Small company accounts

Posted on 24 Jan 2018
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 End of FRSSE: proposals for future small business accounting report Harris & Co chartered accountants Northampton

At a time when many of us thought that all the proposal stage of new UK GAAP would be at an end, we find ourselves instead with another slew of exposure drafts.
 
This time it is the implementation of the new EU Accounting Directive, largely dealing with issues for small companies, together with the interpretation of those requirements which has led to the new documents. So what does it mean?
 
The new FREDs (financial reporting exposure drafts), issued in February 2015, are as follows:
 
Consultation overview: FREDs 58, 59 and 60 (normally we do not get a separate document like this, but given the length (234 pages) and maybe incomprehensibility of the FREDs to which it refers, the Financial Reporting Council (FRC) has produced a 20-page summary of what they are trying to achieve and how they intend to do so.
 
FRED 58: the Draft FRS 105: The Financial Reporting Standard applicable to the Micro-entities Regime (not a catchy title, so I shall call it the micro entity standard).
 
FRED 59: Draft Amendments to FRS 102, The Financial Reporting Standard applicable in the UK and the Republic of Ireland, Small entities and other minor amendments (even less catchy, let’s call it FRS 102 for small entities).
 
FRED 60: Draft Amendments to FRS 100, Application of Financial Reporting Requirements and FRS 101, Reduced Disclosure Framework – as they are changing who does what in the regime, FRS 100 has to be altered to reflect this and some of the Companies Act changes impact FRS 101.
 
FRS 100 changes
 
In outline, the changes proposed create a new structure for the regime, with a separate standard for micro entities and a section within FRS 102 for small (but not micro) entities.
 
The changes will take effect for accounting periods commencing on or after 1 January 2016 but will be available for early adoption. Note that the requirement for the use of IAS (International Accounting Standards) accounts has not changed.
 
As always, there is the option for almost all entities to use a regime above the one that is available. So, micro entities may choose to use FRS 102, for example.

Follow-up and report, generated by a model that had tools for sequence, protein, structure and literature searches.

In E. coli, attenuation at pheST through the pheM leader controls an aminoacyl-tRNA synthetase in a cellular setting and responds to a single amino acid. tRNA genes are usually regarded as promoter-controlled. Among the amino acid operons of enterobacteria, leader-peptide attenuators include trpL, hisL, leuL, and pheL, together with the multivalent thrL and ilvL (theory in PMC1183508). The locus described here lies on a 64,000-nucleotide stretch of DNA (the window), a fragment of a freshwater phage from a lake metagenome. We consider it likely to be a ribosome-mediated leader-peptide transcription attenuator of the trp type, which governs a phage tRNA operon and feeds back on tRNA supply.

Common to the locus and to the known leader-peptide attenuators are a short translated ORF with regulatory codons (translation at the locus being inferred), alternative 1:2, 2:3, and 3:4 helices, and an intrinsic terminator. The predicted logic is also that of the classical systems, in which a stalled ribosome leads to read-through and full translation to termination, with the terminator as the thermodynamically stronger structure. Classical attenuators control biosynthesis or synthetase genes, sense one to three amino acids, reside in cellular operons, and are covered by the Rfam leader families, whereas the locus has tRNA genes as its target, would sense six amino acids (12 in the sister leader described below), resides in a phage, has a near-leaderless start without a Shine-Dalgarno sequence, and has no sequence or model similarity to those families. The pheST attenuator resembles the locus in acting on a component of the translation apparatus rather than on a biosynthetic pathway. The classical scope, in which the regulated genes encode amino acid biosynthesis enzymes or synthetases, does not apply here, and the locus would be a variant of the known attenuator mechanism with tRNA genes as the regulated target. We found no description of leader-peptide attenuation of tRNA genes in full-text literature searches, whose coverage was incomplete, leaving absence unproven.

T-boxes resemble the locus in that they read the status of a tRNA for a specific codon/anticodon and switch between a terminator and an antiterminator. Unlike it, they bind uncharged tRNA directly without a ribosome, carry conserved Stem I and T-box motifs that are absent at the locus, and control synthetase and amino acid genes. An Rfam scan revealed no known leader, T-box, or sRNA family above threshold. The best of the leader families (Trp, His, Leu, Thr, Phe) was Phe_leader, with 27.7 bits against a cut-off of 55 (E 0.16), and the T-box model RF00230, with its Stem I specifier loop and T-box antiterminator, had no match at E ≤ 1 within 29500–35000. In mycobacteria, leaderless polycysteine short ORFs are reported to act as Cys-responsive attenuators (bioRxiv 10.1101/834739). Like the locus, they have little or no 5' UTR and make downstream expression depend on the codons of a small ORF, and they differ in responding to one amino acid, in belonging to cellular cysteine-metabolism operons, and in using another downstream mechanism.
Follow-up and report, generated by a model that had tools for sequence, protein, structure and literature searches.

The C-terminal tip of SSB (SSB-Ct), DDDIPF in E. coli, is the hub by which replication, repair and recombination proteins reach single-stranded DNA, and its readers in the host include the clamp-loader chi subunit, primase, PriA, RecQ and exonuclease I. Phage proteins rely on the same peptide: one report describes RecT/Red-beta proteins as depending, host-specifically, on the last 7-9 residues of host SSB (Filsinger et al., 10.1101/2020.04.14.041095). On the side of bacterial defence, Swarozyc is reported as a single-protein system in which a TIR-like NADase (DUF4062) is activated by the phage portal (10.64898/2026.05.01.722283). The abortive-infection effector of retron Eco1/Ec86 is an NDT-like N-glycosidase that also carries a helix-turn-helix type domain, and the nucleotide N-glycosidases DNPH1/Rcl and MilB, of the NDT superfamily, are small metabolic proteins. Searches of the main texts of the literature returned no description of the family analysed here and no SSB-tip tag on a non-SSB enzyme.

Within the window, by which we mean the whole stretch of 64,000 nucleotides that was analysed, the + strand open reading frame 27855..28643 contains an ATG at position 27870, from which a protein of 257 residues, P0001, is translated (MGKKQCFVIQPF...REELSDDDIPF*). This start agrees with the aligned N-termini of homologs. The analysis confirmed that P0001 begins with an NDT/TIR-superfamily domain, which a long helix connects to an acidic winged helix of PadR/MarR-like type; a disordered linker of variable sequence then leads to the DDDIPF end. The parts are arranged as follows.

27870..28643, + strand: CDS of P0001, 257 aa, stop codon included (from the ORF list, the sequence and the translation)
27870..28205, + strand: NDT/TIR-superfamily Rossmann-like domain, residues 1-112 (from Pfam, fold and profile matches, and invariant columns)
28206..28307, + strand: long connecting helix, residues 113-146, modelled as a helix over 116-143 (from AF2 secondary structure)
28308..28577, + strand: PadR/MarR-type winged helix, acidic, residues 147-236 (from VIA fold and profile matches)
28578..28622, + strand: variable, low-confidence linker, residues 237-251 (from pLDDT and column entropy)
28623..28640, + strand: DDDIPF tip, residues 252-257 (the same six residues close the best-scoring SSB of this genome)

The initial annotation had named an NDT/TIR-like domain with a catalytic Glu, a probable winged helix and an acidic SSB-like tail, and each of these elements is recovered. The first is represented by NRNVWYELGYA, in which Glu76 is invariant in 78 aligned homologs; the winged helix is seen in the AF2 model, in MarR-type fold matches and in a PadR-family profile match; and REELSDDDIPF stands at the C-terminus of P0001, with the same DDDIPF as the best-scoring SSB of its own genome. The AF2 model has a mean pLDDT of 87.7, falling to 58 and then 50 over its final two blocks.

The only exception is that charities are not able to use International Financial Reporting Standards (IFRS) for their accounts (see figure 1).
 
FRS 101 changes
 
The main point here is that the new Accounting Directive effectively permits some increased flexibility in presentation. This means that entities can either choose normal Companies Act formats or follow the requirements in IAS 1, Presentation of Financial Statements, for the balance sheet and profit and loss. This is available for limited liability partnerships (LLPs) as well as companies.
 
FRS 102 changes
 
This is altogether more complicated to get to grips with. The aim, set out by the FRC almost a year ago, was simply to have a version of FRS 102 for small companies with a reduced level of disclosure, or ‘FRS 102 light’.
 
Essentially, this is still what the FRED is trying to achieve, but the reality is that the changes mix together small company issues, other changes required due to the EU Accounting Directive and a degree of cross-referencing and deletions of requirements that those accustomed to the standalone FRSSE will quite likely find very confusing.
 
That is before you take into account that the recognition and measurement of items for small (rather than micro) entities have no simplifications compared to full FRS 102.

Remember also, though, that the thresholds set out for which entities qualify as small are changing, as are the rules on ineligibility for certain types of companies. These new limits and the other changes to the accounting regime for small entities are available for early adoption.
 
Key differences
 
So now we know who is using the small regime and that it is available for early adoption, but what does the regime actually require?